Jump to content
Sign in to follow this  

What am I doing wrong?

Recommended Posts

Sorry another wheelie thread kind of. When I try and clutch up I find that the bike lunges/lurches forward but the tire does not come up. Do I need to give it more gas? I have searched alot but could not find an answer to this specific question. Do you WOT when you clutch it up?

Thanks

Share this post


Link to post
Share on other sites

I am just starting to learn to wheelie too. Do you have a SM, S or e?

I have a SM with stock gearing and no mods and can easily get it up in first if i take off aggressively (with clutch of course).

I have also gotten it up in second, just short change into second, be in lowish rpm's, clutch it, give it gas, clutch out, hope for the best lol!

As you can tell i am by no means a wheelie expert, just do it in stages in second with low rpm's. Start out with a little bit of throttle when you dump the clutch, and gradually increase it to control your height.

Least thats what this noob does, will be looking forward to what the pro's say though as i wanna learn to wheelie better.

Share this post


Link to post
Share on other sites

i just typed up like a page to try to help you out and then my computer froze. AHAHAHAHAH!!! not doing it all over again.

just try to start your wheelie in 1st gear and lean back a little and slam the gas. do them in 1st untill you can get it up every time and then try shifting in the wheelie. i dont use a clutch for 1st and 2nd gear wheelies and ive never tryed to bring her up in 3rd. dont know if this bike will. just get her up in a low gear and shift through you gears with no clutch while you are in the wheelie and you will soon find the balancing point and not need to shift any more. and keep you foot over the back break. i used to forget to do this all the time until i almost went over, then i magicaly found the back break. practice practice....most any bike can wheelie. we used to do it on 50cc dirtbikes and scooters at 14 15 years old. just need to practice. O! and scooting back on the seat a few inches and leaning back helps a lot too.

Share this post


Link to post
Share on other sites

There's a whole thread on how to wheelie the DRZ over at supermotojunkie.....might what to check it out, got lots of good helpful tips in it.

Cover the rear brake, dump the throttle when your just above idle speed and your off. If you try a bury the throttle from a closed position the bike lugs. The key is to get a feel for the throttle position before you wack it.

http://www.supermotojunkie.com/showthread.php?20094-can-anyone-wheelie-their-DRZ400sm

Edited by 707drz
added link

Share this post


Link to post
Share on other sites

Depends on your speed and what gear your in. Not getting it up...try adding a little more rpm before you dump the clutch. Keep raising the RPMs in increments until you ge the desire effect.

As I said...speed and what gear your in...as well as your sprocket ratio all come into play.

I have been able to get a stock bike with 3x3 and exhaust to lift straight up in 3rd gear at 35 MPH...requires a good amount of RPM when you dump the clutch.

Experiment....use small changes until you get the hang of it. Cover the rear brake with your foot...so you can chicken out if you get scared. You will probably eventually loop the bike if you are going to get serious about wheelies...it just comes with the learning process...so be prepared for it.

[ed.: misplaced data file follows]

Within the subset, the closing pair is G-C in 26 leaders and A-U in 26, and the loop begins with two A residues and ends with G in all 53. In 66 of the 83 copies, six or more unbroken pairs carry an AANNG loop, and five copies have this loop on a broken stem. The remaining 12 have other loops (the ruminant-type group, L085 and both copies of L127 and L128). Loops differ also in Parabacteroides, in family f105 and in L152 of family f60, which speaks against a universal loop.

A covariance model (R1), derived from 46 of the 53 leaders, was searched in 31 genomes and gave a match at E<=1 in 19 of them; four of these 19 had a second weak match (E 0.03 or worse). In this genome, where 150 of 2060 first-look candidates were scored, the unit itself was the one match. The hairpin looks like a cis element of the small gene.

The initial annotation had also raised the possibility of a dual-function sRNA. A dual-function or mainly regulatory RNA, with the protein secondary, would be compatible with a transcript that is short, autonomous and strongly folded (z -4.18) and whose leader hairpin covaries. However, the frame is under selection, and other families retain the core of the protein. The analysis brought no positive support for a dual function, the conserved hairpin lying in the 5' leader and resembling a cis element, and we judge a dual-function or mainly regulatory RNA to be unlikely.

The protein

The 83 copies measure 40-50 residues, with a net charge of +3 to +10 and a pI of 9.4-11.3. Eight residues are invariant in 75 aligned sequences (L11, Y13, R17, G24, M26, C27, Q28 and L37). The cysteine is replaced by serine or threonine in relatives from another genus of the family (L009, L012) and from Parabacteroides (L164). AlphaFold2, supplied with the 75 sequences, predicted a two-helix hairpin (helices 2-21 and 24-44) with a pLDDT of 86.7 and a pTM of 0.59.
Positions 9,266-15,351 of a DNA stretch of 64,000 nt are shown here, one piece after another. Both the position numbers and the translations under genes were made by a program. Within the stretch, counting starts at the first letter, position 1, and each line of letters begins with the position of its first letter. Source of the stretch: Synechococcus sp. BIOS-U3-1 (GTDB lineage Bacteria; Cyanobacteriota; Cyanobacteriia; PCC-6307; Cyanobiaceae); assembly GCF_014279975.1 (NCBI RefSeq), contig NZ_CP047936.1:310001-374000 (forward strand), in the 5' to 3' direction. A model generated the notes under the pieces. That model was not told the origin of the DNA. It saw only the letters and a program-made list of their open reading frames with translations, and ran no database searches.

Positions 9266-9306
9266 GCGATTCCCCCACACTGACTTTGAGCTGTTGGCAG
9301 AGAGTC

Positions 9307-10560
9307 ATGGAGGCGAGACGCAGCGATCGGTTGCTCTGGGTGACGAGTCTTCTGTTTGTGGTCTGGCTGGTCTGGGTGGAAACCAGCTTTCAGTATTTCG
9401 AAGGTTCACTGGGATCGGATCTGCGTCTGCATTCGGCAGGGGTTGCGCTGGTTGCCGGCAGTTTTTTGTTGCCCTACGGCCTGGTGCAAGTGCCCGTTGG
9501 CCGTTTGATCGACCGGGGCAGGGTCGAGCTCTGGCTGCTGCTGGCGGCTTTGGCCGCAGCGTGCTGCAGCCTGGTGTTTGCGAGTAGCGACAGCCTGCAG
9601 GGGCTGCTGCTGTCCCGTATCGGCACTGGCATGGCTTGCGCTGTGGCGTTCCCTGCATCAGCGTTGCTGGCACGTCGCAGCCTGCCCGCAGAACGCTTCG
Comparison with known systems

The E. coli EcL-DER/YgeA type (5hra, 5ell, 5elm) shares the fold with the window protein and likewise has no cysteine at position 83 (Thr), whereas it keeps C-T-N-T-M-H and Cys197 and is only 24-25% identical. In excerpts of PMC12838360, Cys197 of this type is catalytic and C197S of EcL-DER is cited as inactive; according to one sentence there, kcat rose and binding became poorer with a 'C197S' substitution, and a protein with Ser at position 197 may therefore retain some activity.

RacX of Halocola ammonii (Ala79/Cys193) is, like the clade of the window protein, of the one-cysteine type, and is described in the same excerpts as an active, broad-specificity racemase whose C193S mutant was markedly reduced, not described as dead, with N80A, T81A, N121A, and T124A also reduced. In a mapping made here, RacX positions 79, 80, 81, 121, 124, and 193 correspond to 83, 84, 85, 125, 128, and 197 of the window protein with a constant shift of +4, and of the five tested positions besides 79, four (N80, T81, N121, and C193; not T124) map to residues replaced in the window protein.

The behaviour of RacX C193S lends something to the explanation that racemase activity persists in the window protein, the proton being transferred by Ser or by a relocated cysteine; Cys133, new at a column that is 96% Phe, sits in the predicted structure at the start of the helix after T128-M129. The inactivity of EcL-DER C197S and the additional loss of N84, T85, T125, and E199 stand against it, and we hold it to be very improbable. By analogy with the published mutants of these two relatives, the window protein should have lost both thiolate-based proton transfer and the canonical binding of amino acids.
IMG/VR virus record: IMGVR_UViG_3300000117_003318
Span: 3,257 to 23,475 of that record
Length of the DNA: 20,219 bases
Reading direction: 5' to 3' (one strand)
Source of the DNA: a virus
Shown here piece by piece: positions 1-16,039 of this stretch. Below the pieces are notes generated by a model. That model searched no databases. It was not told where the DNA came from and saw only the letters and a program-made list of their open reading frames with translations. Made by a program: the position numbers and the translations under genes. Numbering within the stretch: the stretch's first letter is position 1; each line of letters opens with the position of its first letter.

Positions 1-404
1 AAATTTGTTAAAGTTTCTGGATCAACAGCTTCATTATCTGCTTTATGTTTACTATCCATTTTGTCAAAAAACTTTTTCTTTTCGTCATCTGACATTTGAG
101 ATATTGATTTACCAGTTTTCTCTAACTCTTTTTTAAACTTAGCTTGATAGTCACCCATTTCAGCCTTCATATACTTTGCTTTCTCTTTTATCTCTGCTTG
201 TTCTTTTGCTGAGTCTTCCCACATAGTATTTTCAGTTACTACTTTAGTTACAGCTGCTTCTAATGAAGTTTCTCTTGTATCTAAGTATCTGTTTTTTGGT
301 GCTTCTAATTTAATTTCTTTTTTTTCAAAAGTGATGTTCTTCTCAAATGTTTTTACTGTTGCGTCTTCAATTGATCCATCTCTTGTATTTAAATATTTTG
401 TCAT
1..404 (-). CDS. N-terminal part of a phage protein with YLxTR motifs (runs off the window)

Share this post


Link to post
Share on other sites

best scenario for me is second gear , 20 mph, slide to the rear of the seat, tack her out and pop the clutch (quickly, free rev the engine as little as possible, it likes to be under a load) then as she lifts ease of the throttle slightly till you learn the balance point of the bike with you on it. the further back you are on the seat, the lower the front wheel will be at the balancing point. get up on the tank and it will take more throttle and control and the front wheel will have to be higher to stay up. watch some videos of drz wheelies. pay attention to the rpm sound as they clutch up. it has to do with cordination and control. its dangerous so gear up. ride wheelies at your own risk.

Share this post


Link to post
Share on other sites
Depends on your speed and what gear your in. Not getting it up...try adding a little more rpm before you dump the clutch. Keep raising the RPMs in increments until you ge the desire effect.

As I said...speed and what gear your in...as well as your sprocket ratio all come into play.

I have been able to get a stock bike with 3x3 and exhaust to lift straight up in 3rd gear at 35 MPH...requires a good amount of RPM when you dump the clutch.

^ This

Deezer is a pretty easy bike to wheelie, so it's just a matter of getting the hang of it and before you know it, you're off and running.

Share this post


Link to post
Share on other sites

Lean back, gas it, and pop the clutch, & the wheel will come up. If it doesnt, then give it more gas. And by popping the clutch I mean, just let it go, dont ease it out like you are taking off. Lean, gas, pop...And then if you dont do it right you can, roll around, wipe off the blood, straighten out the bars, cry over the scratches on the plastic, and do it all over again. Have fun...

Share this post


Link to post
Share on other sites

Practice goinG up hill. U hit balance point easier and less scary.

Share this post


Link to post
Share on other sites

What most of what they said..^...and also try it with a low fuel load ....

Get some serious mods going and you will be asking how to stop the front from lifting...:thumbsup:

Share this post


Link to post
Share on other sites

Create an account or sign in to comment

You need to be a member in order to leave a comment

Reply with:

Sign in to follow this  

×